Nonimmigrant Waivers Pursuant to INA § 212(d)(3), Including Form I-192
- the risk of harm to society if the applicant is admitted;
- the seriousness of the applicant’s prior immigration law, or criminal law, violations, if any; and
- the nature of the applicant’s reasons for wishing to enter the United States.
The Congress, in enacting INA § 212(d)(3)(A), conferred upon the Secretary of State and consular officers the important discretionary function of recommending waivers of nonimmigrant visa ineligibilities to the Department of Homeland Security for approval.
You should not hesitate to exercise this authority when the alien is entitled to seek waiver relief and is otherwise qualified for a visa, and when the granting of a waiver is not contrary to U.S. interests.
- The applicant is not inadmissible under INA § 214(b) [an intending immigrant];
- The applicant is not inadmissible under INA § 212(a)(3)(A)(i)(I), INA § 212(a)(3)(A)(ii), INA § 212(a)(3)(A)(iii), INA § 212(a)(3)(C), or INA § 212(a)(3)(E) [security-related grounds of inadmissibility;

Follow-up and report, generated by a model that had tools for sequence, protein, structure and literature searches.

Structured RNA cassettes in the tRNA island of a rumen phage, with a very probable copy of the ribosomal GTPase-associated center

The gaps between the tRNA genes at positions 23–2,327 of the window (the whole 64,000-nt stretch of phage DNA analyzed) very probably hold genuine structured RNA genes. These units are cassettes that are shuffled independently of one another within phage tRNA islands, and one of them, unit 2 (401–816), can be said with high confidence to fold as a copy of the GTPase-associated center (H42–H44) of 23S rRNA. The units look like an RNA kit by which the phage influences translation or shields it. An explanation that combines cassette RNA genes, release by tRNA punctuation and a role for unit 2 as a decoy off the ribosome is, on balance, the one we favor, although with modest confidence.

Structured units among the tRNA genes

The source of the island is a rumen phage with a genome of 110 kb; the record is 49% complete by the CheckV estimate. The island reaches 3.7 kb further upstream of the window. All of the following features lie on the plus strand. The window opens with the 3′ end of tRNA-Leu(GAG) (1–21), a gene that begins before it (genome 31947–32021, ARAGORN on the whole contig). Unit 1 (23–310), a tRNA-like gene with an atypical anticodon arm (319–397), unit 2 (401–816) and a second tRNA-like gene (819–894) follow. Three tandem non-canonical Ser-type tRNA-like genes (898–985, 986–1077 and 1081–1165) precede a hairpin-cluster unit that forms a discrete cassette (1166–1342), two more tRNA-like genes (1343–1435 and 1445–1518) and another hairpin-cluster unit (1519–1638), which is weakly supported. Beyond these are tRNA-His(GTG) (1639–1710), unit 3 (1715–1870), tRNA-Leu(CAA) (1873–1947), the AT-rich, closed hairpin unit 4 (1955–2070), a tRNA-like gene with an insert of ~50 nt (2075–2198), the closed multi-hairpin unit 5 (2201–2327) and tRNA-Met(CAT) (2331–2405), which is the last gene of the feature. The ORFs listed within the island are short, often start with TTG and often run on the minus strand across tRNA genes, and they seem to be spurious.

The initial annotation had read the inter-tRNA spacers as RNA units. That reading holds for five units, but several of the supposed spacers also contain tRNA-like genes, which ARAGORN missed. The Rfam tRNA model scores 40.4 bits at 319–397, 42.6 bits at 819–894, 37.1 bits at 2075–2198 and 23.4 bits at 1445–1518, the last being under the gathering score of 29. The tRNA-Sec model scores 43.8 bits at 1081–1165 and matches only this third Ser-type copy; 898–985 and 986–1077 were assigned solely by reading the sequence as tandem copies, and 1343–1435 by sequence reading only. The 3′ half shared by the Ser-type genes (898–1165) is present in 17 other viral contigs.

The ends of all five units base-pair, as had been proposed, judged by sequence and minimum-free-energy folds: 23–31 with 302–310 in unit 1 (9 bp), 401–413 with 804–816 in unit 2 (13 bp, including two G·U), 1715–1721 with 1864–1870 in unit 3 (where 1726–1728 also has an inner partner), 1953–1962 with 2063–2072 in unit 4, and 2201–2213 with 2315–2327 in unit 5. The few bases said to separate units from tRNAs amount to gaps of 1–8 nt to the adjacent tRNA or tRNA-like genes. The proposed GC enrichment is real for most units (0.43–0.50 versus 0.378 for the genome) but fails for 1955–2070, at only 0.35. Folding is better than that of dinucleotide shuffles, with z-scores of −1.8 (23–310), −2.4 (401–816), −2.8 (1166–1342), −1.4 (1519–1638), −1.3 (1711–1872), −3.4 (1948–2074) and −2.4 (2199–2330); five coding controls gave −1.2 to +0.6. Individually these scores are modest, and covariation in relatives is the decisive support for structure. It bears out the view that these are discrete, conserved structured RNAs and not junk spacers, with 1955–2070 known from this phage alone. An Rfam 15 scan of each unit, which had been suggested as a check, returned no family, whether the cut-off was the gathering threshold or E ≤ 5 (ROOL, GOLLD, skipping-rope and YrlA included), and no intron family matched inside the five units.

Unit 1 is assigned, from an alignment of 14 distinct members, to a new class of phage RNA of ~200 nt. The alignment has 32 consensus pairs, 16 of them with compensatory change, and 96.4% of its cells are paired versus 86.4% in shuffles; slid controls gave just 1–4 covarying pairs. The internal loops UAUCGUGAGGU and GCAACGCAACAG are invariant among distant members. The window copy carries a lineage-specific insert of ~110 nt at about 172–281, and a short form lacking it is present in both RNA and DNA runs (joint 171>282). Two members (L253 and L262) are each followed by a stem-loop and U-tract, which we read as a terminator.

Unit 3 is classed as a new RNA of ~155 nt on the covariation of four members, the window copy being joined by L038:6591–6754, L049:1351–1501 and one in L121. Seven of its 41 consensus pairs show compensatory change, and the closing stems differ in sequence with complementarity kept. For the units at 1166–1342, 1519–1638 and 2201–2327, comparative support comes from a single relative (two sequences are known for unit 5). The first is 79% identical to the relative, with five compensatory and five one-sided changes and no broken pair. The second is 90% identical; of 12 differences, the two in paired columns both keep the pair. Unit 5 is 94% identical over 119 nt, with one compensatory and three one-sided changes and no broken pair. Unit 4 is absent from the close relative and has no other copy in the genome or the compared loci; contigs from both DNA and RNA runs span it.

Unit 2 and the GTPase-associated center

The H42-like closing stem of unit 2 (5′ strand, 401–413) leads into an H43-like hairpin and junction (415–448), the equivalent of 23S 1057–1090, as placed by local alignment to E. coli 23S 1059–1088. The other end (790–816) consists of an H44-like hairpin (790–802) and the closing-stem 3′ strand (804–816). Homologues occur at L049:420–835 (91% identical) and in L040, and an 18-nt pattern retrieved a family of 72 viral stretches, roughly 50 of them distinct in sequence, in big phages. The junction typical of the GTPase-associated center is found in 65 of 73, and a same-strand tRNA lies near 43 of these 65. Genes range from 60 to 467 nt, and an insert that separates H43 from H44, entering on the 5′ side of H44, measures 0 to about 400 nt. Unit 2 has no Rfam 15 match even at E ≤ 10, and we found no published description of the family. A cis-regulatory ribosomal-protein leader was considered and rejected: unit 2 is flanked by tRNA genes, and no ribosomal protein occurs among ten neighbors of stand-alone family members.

- The applicant is not seeking a waiver of nonimmigrants documentary requirements of INA § 212(a)(7)(B), which may only be waived under the provisions of INA § 212(d)(4); and
- The applicant is, otherwise, qualified for the nonimmigrant visa he or she is seeking.
Eligibility for a waiver is not conditioned on having some qualifying family relationship, or the passage of some specified amount of time since the commission of the offense, or any other special statutory threshold requirement. The law does not require that such action be limited to humanitarian or other exceptional cases. While the exercise of discretion and good judgment are essential, you may recommend waivers for any legitimate purpose such as family visits, medical treatment (whether or not available abroad), business conferences, tourism, etc.